|Publication number||US4968926 A|
|Application number||US 07/426,444|
|Publication date||6 Nov 1990|
|Filing date||25 Oct 1989|
|Priority date||25 Oct 1989|
|Publication number||07426444, 426444, US 4968926 A, US 4968926A, US-A-4968926, US4968926 A, US4968926A|
|Inventors||P. John Dhyanchand|
|Original Assignee||Sundstrand Corporation|
|Export Citation||BiBTeX, EndNote, RefMan|
|Patent Citations (10), Referenced by (50), Classifications (12), Legal Events (4)|
|External Links: USPTO, USPTO Assignment, Espacenet|
The present invention relates generally to power conversion systems, and more particularly to such a system which may be used either in a generating mode to convert mechanical power developed by a prime mover into electrical power or in a starting mode to convert electrical power into motive power for starting the prime mover.
In a power conversion system such as a variable speed, constant frequency (VSCF) power generating system, a brushless, three-phase synchronous generator operates in a generating mode to convert variable speed motive power supplied by a prime mover into variable frequency AC power. The variable frequency power is rectified and provided over a DC link to a controllable static inverter. The inverter is operated to produce constant frequency AC power, which is then supplied over a load bus to one or more loads.
As is known, a generator can also be operated as a motor in a starting mode to convert electrical power supplied by an external AC power source into motive power which may in turn be provided to the prime mover to bring it up to self-sustaining speed. In the case of a brushless, synchronous generator including a permanent magnet generator (PMG), an exciter portion and a main generator portion mounted on a common shaft, it has been known to provide power at a controlled voltage and frequency to the armature windings of the main generator portion and to provide field current to the main generator portion via the exciter portion so that the motive power may be developed. This has been accomplished in the past, for example, using two separate inverters, one to provide power to the main generator portion armature windings and the other to provide power to the exciter portion. Thereafter, operation in the generating mode may commence whereupon DC power is provided to the exciter field winding.
A further way of operating a brushless, synchronous generator in a starting mode is disclosed in Dhyanchand, et al., U.S. patent application Ser. No. 07/421,640, filed Oct. 16, 1989 entitled "Brushless Generator Having Prime Mover Start Capability" and assigned to the assignee of the instant application, the disclosure of which is hereby incorporated by reference. The generator includes a rotor having a series of damper bars which are electrically connected to form a squirrel cage winding. During operation in the starting mode, power is applied to armature windings of the generator, in turn causing currents to flow in the damper bars and thereby causing the generator to operate as an induction motor. Such a starting system does not require position feedback for the inverter control, and hence the system is relatively simple in design.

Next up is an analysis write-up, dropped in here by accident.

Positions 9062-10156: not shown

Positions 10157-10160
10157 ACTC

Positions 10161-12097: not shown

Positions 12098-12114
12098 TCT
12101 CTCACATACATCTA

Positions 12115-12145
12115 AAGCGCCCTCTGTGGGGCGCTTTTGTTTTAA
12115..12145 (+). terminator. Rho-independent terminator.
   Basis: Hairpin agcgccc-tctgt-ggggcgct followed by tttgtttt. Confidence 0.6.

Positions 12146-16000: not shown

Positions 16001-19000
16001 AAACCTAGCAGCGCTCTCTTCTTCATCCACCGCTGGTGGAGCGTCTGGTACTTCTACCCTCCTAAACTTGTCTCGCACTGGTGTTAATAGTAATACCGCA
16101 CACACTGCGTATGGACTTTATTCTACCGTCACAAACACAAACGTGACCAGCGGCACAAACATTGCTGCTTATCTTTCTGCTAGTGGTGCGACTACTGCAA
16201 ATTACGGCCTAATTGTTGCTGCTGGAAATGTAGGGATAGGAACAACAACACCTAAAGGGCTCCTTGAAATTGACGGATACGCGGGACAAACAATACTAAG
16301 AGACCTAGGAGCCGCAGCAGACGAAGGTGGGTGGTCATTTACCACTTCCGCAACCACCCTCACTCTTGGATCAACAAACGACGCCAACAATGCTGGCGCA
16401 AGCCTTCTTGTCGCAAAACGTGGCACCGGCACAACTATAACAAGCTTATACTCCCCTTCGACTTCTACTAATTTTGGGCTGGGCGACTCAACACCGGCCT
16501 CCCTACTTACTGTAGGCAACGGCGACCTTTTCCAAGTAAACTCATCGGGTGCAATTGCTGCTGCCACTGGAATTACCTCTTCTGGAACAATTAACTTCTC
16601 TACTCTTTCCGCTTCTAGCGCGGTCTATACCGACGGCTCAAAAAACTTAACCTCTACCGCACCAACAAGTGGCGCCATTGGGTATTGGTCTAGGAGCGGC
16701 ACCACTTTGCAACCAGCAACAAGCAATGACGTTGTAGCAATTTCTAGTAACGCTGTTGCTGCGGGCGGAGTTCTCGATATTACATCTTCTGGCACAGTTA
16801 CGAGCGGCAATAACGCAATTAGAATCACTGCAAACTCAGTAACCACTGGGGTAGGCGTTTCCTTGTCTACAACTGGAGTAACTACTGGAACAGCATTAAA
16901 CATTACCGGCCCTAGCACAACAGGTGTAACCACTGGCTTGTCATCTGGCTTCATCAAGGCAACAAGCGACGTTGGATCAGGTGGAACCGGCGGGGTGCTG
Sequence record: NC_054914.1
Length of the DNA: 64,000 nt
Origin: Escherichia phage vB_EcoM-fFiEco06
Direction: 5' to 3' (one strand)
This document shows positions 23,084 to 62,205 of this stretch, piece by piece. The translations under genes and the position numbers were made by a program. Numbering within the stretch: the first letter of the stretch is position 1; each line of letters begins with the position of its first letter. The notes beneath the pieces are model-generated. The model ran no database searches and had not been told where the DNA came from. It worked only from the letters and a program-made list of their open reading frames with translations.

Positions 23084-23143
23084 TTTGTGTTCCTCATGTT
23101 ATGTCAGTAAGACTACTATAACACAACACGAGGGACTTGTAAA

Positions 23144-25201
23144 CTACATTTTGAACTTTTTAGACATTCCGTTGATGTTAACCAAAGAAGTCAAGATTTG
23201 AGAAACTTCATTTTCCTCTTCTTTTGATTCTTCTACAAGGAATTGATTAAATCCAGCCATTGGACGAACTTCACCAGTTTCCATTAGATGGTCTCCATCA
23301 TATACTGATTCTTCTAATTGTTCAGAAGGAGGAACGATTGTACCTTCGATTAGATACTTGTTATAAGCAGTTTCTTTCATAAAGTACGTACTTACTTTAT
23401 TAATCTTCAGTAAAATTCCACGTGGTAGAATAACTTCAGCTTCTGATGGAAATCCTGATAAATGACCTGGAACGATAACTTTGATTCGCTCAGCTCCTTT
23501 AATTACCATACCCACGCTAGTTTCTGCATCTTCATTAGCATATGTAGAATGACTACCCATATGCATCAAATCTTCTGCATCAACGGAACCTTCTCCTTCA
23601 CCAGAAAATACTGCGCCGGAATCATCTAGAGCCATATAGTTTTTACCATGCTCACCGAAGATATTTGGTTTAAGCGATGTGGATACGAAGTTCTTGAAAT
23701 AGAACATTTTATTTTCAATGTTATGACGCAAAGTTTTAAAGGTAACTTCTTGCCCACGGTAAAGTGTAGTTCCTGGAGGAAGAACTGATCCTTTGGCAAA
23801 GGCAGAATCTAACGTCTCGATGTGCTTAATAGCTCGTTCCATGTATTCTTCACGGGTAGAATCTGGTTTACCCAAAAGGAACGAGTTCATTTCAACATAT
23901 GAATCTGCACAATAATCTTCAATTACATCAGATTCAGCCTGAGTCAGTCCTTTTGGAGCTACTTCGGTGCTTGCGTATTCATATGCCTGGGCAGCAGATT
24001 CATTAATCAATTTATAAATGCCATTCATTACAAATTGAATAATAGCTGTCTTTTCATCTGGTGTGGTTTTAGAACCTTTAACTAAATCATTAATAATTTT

Compoly, et al., U.S. Pat. No. 3,775,662 discloses a 24-step inverter having four inverter bridges which are coupled to four sets of primary windings of a summing transformer. The windings of these sets of primary windings are connected in a wye configuration and the windings of the remaining two sets are connected in a delta configuration. The transformer includes a set of secondary windings in which summed voltages are developed. The inverter bridges are operated at particular phase displacements with respect to one another to produce a 24-step, three-phase output.
Dhyanchand, et al., U.S. patent application Ser. No. 07/421,830, filed Oct. 16, 1989, entitled "Power Conversion System With Stepped Waveform DC/AC Converter Having Prime Mover Start Capability" discloses a power conversion system which is operable in generating and starting modes. The converter includes a rectifier bridge which is coupled to the output of a brushless, synchronous generator driven by a prime mover and first through fourth inverter bridges which are coupled to the output of the rectifier. First through fourth primary windings of a summing transformer are coupled to the outputs of the first through fourth inverter bridges, respectively. The windings of each of the first and third sets of primary windings are connected in a wye configuration whereas the windings of each of the second and fourth sets are connected in a delta configuration. The first through fourth inverters are operated to produce 24-step, constant frequency AC power in a secondary winding in the summing transformer. During operation in a starting mode, an external AC power source is coupled to the secondary winding of the summing transformer, the input of the rectifier bridge is coupled to the wye-connected primary windings and the outputs of the first and third inverters are coupled to armature windings of the generator. The first and third inverters are controlled to convert the DC power produced by the rectifier into AC power for causing the generator to operate as a motor and thereby develop the required motive starting power.